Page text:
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. Last Updated: 07/27/2016

ECB Tells Countries: Cut Public Spending




STOCKHOLM, Sweden -- The European Central Bank has urged euroland countries to cut public spending to avoid breaking budget deficit limits in the next few years, a Swedish newspaper said Wednesday.


In a confidential report, published by Swedish newspaper Svenska Dagbladet, the ECB was sharply critical of the budget policies of many of the 11 countries in Europe's economic and monetary union, or EMU.


Countries joining EMU agreed to limit annual deficits to 3 percent of gross domestic product, with penalties for breaching this target, and aim for a balanced budget or surplus over an economic cycle.


This was the price extracted by Germany - itself one of the countries criticized in the report - for agreeing to abandon the Deutsche mark and enter the single currency.


"The majority of euro countries are still far from the budget target, and the three biggest economies - Germany, France and Italy - are closer to the 3 percent limit than to a balanced budget," the newspaper quoted the report as saying.


The ECB urged euroland countries to review their budgets for the next few years and undertake long-term or permanent savings, the newspaper quoted the report as saying.


The report says that certain countries only managed to meet the entry criteria through "temporary measures" affecting the way public accounts were drawn up in the year in question.


Furthermore, much of the improvement in government finances was due to the record low interest rates, which reduced the level of interest payments on public debt.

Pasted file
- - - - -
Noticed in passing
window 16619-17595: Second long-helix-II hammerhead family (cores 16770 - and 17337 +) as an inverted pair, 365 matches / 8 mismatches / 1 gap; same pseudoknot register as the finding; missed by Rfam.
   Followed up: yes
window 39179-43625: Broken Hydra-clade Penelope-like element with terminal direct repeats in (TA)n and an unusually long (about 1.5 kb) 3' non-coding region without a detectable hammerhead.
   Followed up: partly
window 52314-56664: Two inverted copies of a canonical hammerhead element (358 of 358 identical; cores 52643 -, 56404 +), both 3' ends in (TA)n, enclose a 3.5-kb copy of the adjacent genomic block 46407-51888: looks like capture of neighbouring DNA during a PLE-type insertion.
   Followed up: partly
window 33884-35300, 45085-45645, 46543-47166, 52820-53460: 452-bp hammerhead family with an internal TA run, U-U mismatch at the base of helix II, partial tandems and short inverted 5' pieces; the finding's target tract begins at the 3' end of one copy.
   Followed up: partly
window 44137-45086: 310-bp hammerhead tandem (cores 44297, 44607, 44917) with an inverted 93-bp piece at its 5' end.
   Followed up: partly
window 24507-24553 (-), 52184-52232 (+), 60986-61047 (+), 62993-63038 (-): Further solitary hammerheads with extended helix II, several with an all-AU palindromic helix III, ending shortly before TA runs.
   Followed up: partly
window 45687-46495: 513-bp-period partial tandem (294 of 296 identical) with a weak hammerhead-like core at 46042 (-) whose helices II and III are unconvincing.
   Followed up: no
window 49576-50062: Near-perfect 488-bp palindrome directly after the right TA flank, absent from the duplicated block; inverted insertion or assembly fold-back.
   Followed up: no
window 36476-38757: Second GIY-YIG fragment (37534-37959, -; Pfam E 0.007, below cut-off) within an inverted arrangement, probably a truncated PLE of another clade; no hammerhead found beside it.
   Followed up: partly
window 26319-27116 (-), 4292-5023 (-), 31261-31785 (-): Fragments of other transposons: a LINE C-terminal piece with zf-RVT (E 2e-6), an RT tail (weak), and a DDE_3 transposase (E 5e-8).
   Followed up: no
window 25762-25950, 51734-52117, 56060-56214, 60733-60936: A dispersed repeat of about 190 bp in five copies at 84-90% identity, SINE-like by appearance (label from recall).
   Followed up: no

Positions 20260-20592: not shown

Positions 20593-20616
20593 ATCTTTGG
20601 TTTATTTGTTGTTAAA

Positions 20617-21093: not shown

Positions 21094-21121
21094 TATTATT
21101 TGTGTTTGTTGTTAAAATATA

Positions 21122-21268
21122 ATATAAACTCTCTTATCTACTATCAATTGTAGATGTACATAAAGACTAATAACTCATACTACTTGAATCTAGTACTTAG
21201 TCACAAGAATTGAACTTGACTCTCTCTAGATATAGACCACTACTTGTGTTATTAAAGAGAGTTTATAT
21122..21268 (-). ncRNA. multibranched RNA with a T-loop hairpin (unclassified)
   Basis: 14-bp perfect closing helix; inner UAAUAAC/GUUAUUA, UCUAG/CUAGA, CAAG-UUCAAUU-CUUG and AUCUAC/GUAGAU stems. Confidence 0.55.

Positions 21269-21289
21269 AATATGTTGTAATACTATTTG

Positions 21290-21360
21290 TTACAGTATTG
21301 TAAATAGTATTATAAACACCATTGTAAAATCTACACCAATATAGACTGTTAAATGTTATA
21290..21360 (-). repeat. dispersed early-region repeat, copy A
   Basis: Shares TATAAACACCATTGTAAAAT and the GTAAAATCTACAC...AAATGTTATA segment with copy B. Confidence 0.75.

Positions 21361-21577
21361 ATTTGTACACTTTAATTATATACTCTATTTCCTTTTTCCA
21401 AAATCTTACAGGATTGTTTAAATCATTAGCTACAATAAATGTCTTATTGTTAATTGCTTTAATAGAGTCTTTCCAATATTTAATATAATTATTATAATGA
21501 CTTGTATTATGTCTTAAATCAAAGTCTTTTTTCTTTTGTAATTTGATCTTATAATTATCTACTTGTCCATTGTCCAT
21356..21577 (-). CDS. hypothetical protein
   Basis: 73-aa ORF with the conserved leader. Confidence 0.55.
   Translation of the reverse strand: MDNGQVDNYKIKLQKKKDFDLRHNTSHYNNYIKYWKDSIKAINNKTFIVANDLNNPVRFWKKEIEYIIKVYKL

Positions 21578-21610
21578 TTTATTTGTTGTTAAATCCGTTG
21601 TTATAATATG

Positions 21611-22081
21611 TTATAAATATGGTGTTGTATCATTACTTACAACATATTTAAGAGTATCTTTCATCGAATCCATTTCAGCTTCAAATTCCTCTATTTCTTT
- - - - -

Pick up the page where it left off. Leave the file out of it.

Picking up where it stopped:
"It cannot be assumed that these low interest rates will continue for the next few years," the newspaper quoted the report as saying.


The ECB itself is responsible for setting the rate on the euro.


The report says there is a risk that in the next few years many of the major euro zone countries will not be able to face a normal downturn in the economic cycle without breaching the stability pact's 3 percent limit.


This could have unforeseeable consequences and undermine confidence in the euro in its early years, it said.


In its July monthly report released Tuesday, the ECB said there was nothing unusual about differing economic trends among euro zone nations, downplaying worries that the currency bloc is too diverse to be governed by a single monetary policy.


The ECB said different economic growth, employment and other trends within the euro zone were normal and that it expected such inconsistencies to even out over time.


But the Central Bank said economic variations were unlikely to disappear completely and that as yet it could not assess whether they posed a problem to monetary policy.


In the run up to monetary union, some economists expressed concern that Europe's national economies did not have enough in common for one interest rate to prevail everywhere.